Type IIIa has also multiple in-flow arteries, but the nidus is inside the vein aneurysm wall. So the nidus doesn't precede the lesion, but it's in the vein wall. So where should this AVM be treated?
And you can see a very nice example here. This is a Type IIIa with a single out-flow vein, of the aneurysm vein, and this is a direct puncture of the vein, and you can see quite well that this vein aneurysm has just one single out-flow. So by blocking this out-flow vein,
the nidus is blocked too. Also ethanol can be applied after the flow was reduced again to reflux into the fistulas inside the vein aneurysm wall. And here you can see that by packing a dense packing with coils, the lesion is cured.
So direct puncture again from the venous side in this venous aneurysm venous predominant lesion. Type IIIb, the difference here is again, the out-flow pattern. So we have multiple in-flow arteries, the fistulaes are again in the vein aneurysm.
Which makes it even more difficult to treat this lesion, is that it has multiple out-flow veins and the nidus can also precede into these or move into these out-flow veins. So the dense packing of the aneurysm might have to be extended into the out-flow veins.
So what you can see here is an example. Again you need a more selective view, but you can already see the vein aneurysm, which can be targeted by direct puncture. And again here, the system applies. Placing coils and dense packing of the vein aneurysm,
and possibly also of the out-flow veins, can cure the lesion. This is the angiogram showing cure of this complex AVM IIIb. Type IV is a very new entity which was not described
in any other classification system as of yet. So what is so special about this Type IV AVM is it has multiple arteries and arterioles that form innumerable AV fistulaes, but these fistulaes infiltrate the tissue. And I'm going to specify this entity in a separate talk,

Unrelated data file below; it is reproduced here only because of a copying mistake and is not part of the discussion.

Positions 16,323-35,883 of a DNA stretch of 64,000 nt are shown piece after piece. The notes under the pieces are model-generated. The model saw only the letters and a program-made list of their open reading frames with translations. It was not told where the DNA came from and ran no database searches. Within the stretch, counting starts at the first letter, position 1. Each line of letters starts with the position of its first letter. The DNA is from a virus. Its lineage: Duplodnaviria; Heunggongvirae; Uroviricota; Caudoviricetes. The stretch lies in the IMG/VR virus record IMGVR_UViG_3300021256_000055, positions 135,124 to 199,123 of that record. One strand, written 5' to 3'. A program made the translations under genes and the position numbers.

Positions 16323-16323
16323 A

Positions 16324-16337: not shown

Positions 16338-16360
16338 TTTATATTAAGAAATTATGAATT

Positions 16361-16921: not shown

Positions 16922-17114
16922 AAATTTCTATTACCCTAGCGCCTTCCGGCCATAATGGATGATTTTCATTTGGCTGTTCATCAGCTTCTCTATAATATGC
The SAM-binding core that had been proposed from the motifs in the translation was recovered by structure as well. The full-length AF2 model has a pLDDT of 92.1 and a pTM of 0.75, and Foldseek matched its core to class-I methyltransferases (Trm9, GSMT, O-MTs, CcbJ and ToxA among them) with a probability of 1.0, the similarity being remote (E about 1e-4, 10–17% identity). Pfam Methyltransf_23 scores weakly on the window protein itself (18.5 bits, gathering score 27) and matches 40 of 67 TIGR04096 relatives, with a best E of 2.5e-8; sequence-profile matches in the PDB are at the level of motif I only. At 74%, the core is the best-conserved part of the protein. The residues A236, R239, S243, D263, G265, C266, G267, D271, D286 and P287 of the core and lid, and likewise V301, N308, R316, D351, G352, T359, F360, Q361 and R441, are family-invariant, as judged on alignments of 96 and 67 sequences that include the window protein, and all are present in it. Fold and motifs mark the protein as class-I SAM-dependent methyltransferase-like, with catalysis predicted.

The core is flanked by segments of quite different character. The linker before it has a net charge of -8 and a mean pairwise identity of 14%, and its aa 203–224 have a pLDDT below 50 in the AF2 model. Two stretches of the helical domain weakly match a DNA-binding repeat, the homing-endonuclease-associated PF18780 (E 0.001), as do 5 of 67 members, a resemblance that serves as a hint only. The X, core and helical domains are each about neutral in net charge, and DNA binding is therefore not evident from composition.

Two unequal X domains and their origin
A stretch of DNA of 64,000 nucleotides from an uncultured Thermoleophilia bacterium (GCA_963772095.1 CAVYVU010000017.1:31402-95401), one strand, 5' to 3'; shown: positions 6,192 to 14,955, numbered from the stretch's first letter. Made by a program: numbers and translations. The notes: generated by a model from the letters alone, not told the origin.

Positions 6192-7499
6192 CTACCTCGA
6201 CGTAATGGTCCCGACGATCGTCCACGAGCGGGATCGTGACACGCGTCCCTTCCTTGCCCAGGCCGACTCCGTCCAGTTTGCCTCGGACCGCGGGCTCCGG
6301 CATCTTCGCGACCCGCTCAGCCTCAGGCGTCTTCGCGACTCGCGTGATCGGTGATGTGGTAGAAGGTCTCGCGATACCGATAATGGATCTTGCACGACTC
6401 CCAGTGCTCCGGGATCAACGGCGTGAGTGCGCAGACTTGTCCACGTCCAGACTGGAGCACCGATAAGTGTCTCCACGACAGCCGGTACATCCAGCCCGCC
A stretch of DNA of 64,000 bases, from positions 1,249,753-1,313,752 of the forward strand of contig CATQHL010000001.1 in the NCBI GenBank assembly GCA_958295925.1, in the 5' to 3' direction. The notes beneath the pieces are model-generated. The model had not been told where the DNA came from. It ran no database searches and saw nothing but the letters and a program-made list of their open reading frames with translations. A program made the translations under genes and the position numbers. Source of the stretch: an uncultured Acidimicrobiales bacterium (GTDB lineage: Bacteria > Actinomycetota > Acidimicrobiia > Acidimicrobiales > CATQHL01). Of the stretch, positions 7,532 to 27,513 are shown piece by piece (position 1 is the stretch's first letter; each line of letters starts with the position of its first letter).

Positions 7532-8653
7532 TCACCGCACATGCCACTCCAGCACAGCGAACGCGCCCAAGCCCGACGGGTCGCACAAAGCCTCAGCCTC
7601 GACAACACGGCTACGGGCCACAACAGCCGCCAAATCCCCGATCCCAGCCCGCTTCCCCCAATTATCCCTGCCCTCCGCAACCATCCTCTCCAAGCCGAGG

so I'm not going too much into details here. But treatment strategy of course, is also direct puncture here, and in case possible to achieve transarterial access very close to the nidus transarterial approach is also possible. But there are specific considerations, for example
50/50 mixture of alcohol, I'm going to specify this in a later talk. And here you can see some examples of this micro-fistulae in Type IV AVM infiltrative type. This is a new entity described. So the conclusion is that the Yakes Classification System
is based on the angioarchitecture of AVM's and on hemodynamic features. So it offers you a clear definition here the nidus is located, and where to deliver alcohol in a safe way to cure even complex AVM's.
Thank you very much.
- These are my disclosures, as it pertains to this talk. FEVAR has become increasingly common treatment for juxtarenal aneurysm in the United States since it's commercial release in 2012. Controversy remains, however, with regard to stenting the SMA when it is treated with a single-wide, 10 mm scallop in the device.
You see here, things can look very similar. You see SMA treated with an unstented scallop on the left and one treated with the stented SMA on the right. It has been previously reported by Jason Lee that shuttering can happen with single-wide scallops of the SMA and in their experience
the SMA shuttering happens to different degree in patients, but is there in approximately 50% of the patients. But in his experience, the learning curve suggests that it decreases over time. At UNC, we use a selective criteria for stenting in the SMA. We will do a balloon test in the SMA,
as you see in the indication, and if the graft is not moved, then our SMA scallop is appropriate in line. If we have one scallop and one renal stent, its a high likelihood that SMA scallop will shift and change over time. So all those patients get stented.
If there is presence of pre-existing visceral stenosis we will stent the SMA through that scallop and in all of our plans, we generally place a 2 mm buffer, between the bottom edge of the scallop and the SMA. We looked over our results and 61 Zenith fenestrated devices performed over a short period of time.